The manipulation may not even be deliberate. Our own human nature can lead us to misperceive or miscalculate costs, and the way we pay for goods and services can cause misunderstandings. This is particularly true with investment advice because of the difficulty in comparing commissions (which are transaction-based) to annual asset fees (for ongoing engagements) to hourly rates (which can be both).

Commissions and “markups” are often included in a product’s price (for example, with load mutual funds or municipal bonds). Commissions must be noted in the prospectus, and the salesman is required to disclose costs, but that detail can get lost in the sales pitch. Unsophisticated buyers could assume that they’re not being charged or that the salesman is paid by a third party.

Even sophisticated buyers might think they’re getting a “freebie” if they don’t have to see the bill. Dan Ariely, author of “Predictably Irrational,” asks whether, after eating at a nice restaurant, you feel better if your spouse pays with his or her credit card instead of you paying with yours. People generally do — even when the money is coming out of the same joint account.

Asset management fees on brokerage accounts are charged quarterly and deducted automatically. Clients see only one-quarter of the annual fee on a single section of every third monthly statement. An example of out of sight, out of mind?

Hourly or project fees, on the other hand, are usually paid in a lump sum, and no one likes to write a big check — to an advisor, to the IRS or to anyone else. Ariely calls this “the pain of paying.” So while you may pay less to an hourly advisor, you could feel greater pain.

What Kind of Investing is Better

One of the most dangerous investment attitudes (along with “this time it’s different”) is the complaint that “my investment isn’t doing anything.” The observation says more about the speaker than it does the alleged short-comings of the investment.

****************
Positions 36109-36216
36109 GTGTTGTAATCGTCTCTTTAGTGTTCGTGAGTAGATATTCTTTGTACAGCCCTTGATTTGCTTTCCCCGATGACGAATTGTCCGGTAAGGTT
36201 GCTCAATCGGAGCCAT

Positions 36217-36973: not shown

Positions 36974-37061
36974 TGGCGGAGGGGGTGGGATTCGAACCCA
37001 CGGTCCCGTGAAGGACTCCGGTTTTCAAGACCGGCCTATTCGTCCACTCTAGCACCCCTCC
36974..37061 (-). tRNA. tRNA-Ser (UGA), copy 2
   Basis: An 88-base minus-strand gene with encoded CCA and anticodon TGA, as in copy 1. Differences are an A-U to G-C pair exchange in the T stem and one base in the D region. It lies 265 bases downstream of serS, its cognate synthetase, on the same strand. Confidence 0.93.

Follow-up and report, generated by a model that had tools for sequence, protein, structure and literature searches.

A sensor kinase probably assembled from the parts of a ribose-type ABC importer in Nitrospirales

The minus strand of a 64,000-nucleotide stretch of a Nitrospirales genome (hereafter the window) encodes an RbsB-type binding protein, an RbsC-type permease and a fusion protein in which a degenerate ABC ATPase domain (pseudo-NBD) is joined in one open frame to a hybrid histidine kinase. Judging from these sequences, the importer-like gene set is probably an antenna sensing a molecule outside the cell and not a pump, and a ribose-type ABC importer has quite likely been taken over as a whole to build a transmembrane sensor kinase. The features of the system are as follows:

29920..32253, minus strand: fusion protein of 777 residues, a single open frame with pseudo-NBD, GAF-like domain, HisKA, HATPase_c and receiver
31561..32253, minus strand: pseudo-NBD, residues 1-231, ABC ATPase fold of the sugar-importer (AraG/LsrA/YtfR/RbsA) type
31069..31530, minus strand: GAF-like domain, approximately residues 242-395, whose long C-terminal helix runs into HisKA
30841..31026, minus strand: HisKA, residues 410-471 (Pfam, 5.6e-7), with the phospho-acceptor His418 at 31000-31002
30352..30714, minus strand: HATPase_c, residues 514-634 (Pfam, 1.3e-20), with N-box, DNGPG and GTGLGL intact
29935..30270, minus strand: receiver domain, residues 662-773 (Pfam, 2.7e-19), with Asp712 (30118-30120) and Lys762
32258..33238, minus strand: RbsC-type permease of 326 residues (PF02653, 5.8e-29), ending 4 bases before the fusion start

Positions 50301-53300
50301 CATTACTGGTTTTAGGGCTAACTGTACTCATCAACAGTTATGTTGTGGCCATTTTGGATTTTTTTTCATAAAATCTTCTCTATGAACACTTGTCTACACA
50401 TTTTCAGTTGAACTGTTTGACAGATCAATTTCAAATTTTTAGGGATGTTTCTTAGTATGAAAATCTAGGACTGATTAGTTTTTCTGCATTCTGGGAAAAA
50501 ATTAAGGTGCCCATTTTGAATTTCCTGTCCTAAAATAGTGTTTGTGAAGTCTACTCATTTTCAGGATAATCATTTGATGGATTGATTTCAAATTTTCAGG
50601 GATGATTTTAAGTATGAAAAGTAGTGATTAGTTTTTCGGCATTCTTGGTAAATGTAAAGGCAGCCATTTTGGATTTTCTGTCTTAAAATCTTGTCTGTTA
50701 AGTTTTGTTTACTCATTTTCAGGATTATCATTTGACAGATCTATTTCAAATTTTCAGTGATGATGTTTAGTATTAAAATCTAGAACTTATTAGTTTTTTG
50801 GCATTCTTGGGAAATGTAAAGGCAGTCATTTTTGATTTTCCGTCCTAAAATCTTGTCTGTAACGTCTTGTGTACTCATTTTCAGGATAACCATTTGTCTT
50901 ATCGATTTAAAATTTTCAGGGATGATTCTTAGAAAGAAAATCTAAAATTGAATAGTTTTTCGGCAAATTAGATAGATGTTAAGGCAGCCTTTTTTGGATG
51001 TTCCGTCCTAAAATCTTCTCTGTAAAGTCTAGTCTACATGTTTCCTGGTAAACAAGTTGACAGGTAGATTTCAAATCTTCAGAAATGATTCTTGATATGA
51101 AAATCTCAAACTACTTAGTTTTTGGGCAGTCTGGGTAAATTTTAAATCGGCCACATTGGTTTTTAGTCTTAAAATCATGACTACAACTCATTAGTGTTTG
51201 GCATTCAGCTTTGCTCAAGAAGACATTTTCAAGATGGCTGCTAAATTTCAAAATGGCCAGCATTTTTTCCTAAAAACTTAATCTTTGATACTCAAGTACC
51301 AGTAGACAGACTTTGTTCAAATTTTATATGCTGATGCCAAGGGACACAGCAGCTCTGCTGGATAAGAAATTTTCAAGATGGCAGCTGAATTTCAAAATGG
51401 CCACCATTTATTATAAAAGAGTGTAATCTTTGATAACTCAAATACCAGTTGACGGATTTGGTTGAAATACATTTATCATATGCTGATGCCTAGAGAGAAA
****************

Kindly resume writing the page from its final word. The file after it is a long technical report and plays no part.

Of course this isn’t about lack of activity at all. Last week the market was really active – actively tanking. I’m pretty sure this isn’t the activity those people had in mind. If the alternative is being trapped in a nose-diving market, “doing nothing” can seem pretty attractive.

When people say the investment isn’t doing anything what they mean is “it isn’t making enough money.” There’s an old Wall Street sales pitch: “Your money isn’t working hard enough for you so hire me and I’ll fix that.” When I was a stockbroker, hearing that phrase always made me imagine the speaker physically whipping the client’s portfolio to make it pick up the pace like some poor galley slave in a Cecil B. DeMille movie.

I remember a revealing cartoon of a broker telling his client “Yes, your money was working for you but it quit and now it’s working for me.”

How to Plan Finances for Your First Baby

If you’re getting ready to welcome your first baby, you probably recognize that your financial situation is going to change. With diapers, wipes, baby furniture,doctor visits and so much more, you’ll have to account for some new expenses. And if one parent will be staying home with the baby, even if it’s just a temporarymaternity or paternity leave, you may be facing a reduction in income at the same time.

It’s enough to stress anyone out. But there are some simple ways to plan ahead to make the transition as smooth as possible.

Here are four steps to help get you ready.

1. Track your current expenses

The first step in preparing for the future is knowing exactly what the present looks like. Having a handle on how much money is currently coming in and what it’s being spent on each month will provide the baseline you need to make educated decisions going forward.

You can go over your expenses yourself by looking at receipts and bank statements, or you can use tools like GoodBudget.com and You Need a Budget.They make budgeting easier by automating most of the process, pulling in transactions from bank accounts and credit cards and helping you categorize them.

2. Estimate your new expenses

Having a baby will add some expenses to your monthly budget, but you can get a handle on them ahead of time.

Babycenter has two great tools for estimating the overall costs of raising a childand the specific first-year costs. Use them to get a ballpark figure for baby’s first year, then divide that number by 12 for a monthly amount you can plug into your budget.

3. Build a cash cushion

Take that estimated baby budget and start setting the monthly amount aside insavings account now — before the baby gets here. This will do two big things for you: